This week, the Biden Administration will host a virtual Leaders’ Summit for Climate where it is expected that countries will be asked to make stronger commitments to immediate climate action. India is a top bi-lateral priority for the US and is a recognised global leader in renewable energy generation. Under the Modi Administration, India is on track to achieving its climate ambitions, one of the very few countries able to make this claim.
To continue its progress, businesses in India will increasingly need to prioritise environmental, social and governance (ESG) standards. They represent the biggest threats we face as a society. The ‘E’ in ESG will be under particular scrutiny at the Climate Summit.
ESG metrics provide a basis for stakeholders to judge how businesses respond on societal impact measures such as carbon emissions and workplace diversity. In a global investor round-table last year, PM Modi endorsed this trend towards ESG investing — a discipline that, in effect, ensures that capital from influential global funds flows past companies that fail to adopt ESG norms.
Interactions with business executives around the world reveal that the businesses of tomorrow must have ESG at their core if they are to survive and thrive.
Business is not alone in making this significant shift in calling for better reporting of ESG. Regulators and other stakeholders are setting the pace for instituting global standards of measurement for ESG performance. Deloitte, along with the other Big Four professional services organisations, collaborated with the World Economic Forum’s International Business Council and Bank of America last year to identify its Stakeholder Capitalism Metrics.
A set of 21 universally comparable disclosures focussed on people, planet, prosperity and governance — those metrics most critical to business and societal conduct — were identified. These metrics, drawn from existing standards, will help lead to greater convergence, consistency and acceptance in the reporting and measurement of ESG actions.
The vision is for a more accountable business community. Data show that companies that embed ESG into their internal practices and along their value chains are better placed to mitigate risks arising from climate change, poor governance and worker exploitation. This is the resilience that investors look to reward with higher valuations.
The link between ESG compliance and global fund flows is becoming explicit — but it should become non-negotiable. Bloomberg forecasts global ESG assets will exceed $50 trillion by 2025, representing more than a third of the $140 trillion in projected total assets under management.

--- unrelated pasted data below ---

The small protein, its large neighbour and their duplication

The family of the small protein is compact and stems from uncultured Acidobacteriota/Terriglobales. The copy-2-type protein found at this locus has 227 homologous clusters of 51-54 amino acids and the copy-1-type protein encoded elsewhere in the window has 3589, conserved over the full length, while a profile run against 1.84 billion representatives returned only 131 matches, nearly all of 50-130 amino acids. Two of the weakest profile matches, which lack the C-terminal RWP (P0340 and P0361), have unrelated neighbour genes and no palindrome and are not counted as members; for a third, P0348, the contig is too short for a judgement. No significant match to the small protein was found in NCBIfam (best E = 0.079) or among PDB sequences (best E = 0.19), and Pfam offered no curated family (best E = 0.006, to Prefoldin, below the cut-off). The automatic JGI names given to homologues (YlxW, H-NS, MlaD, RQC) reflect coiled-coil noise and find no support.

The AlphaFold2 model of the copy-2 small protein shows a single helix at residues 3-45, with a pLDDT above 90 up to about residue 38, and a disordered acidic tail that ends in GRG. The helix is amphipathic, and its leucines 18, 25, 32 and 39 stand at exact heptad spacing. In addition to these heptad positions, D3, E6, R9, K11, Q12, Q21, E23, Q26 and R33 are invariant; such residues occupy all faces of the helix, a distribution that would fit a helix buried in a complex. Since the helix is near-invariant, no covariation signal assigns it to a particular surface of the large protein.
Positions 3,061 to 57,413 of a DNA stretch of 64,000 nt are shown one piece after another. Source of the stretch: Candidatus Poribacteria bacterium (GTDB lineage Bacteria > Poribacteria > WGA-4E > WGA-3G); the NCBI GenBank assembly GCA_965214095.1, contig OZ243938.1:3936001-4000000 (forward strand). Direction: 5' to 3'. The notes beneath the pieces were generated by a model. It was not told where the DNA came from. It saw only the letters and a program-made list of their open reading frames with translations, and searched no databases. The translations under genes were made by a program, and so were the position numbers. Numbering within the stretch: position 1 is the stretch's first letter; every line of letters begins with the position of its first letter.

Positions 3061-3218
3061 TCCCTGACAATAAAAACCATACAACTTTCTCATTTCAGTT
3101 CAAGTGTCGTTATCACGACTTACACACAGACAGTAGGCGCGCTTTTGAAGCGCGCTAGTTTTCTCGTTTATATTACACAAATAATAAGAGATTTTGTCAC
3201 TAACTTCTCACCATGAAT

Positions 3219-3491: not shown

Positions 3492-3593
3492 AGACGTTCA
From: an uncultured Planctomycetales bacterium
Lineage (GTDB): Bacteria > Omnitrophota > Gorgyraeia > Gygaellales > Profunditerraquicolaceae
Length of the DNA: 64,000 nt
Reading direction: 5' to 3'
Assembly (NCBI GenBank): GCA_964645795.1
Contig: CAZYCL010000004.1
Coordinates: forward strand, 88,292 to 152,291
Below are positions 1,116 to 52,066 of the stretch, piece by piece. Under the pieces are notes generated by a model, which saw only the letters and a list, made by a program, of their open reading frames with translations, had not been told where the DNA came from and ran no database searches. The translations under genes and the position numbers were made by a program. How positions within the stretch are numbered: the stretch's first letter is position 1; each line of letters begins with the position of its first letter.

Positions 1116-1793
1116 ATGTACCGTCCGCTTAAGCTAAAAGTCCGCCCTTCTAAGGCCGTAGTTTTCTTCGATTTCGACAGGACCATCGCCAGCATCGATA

In India, the number of ESG funds has more than doubled in the past six months. That’s an incredible pace but it could be even faster if there was more clarity to highlight investment opportunities in Indian companies where ESG is embedded. While businesses that adopt the new ESG standards stand to benefit, the reverse is also true. As decisions about allocation of global funds increasingly revolve around ESG parameters, ESG laggards will suffer.
The good news is that in India, international funds have long invested in the largest companies, attracted by governance norms and historic ‘social capitalism’ that parallels much of what is now known as ESG. SEBI, the market regulator, recently made it mandatory for the top 1,000 listed companies to adopt an ESG model, known as Business Responsibility and Sustainability Reporting (BRSR), beginning 2022.
The SEBI model was designed to dovetail with global ESG standards — the Global Reporting Initiative, Sustainability Accounting Standards Board, and the Task Force on Climate-related Financial Disclosures. What is laudable is not just BRSR itself but SEBI’s commitment to align with other standard setters. It reflects the kind of global cooperation needed to achieve a universal platform of regulatory oversight on ESG. This model will be essential as we look to the prospect of a definitive global baseline of sustainability standards, established under the auspices of the IFRS Foundation.
There are those who argue that the playing field isn’t level when it comes to ESG activity in India because only large companies can participate. This isn’t entirely true. ESG is making its way into mid-sized and small companies — a critical segment of India’s economy. But these smaller businesses may be constrained from doing more than the minimum on ESG because of capital costs and/or lack of expertise in implementing such measures.
One hopes change is coming on this front — typified by commitments at the Earth Summit — and that there will be increasing regulatory, institutional and stakeholder pressures to ensure wider adoption so we can prevent ESG compliance from becoming a box-ticking exercise. Discussions with stakeholders indicate that BRSR reporting should include all companies in energy and environment-sensitive sectors regardless of their size.
If these and other Indian companies embed ESG in their operations, then India will benefit. Global funds will respond with the capital flows that the Indian economy requires — bringing a $5 trillion economy not only within reach but into the rear view as India surpasses its own aspirations.
The writer is Deloitte Global CEO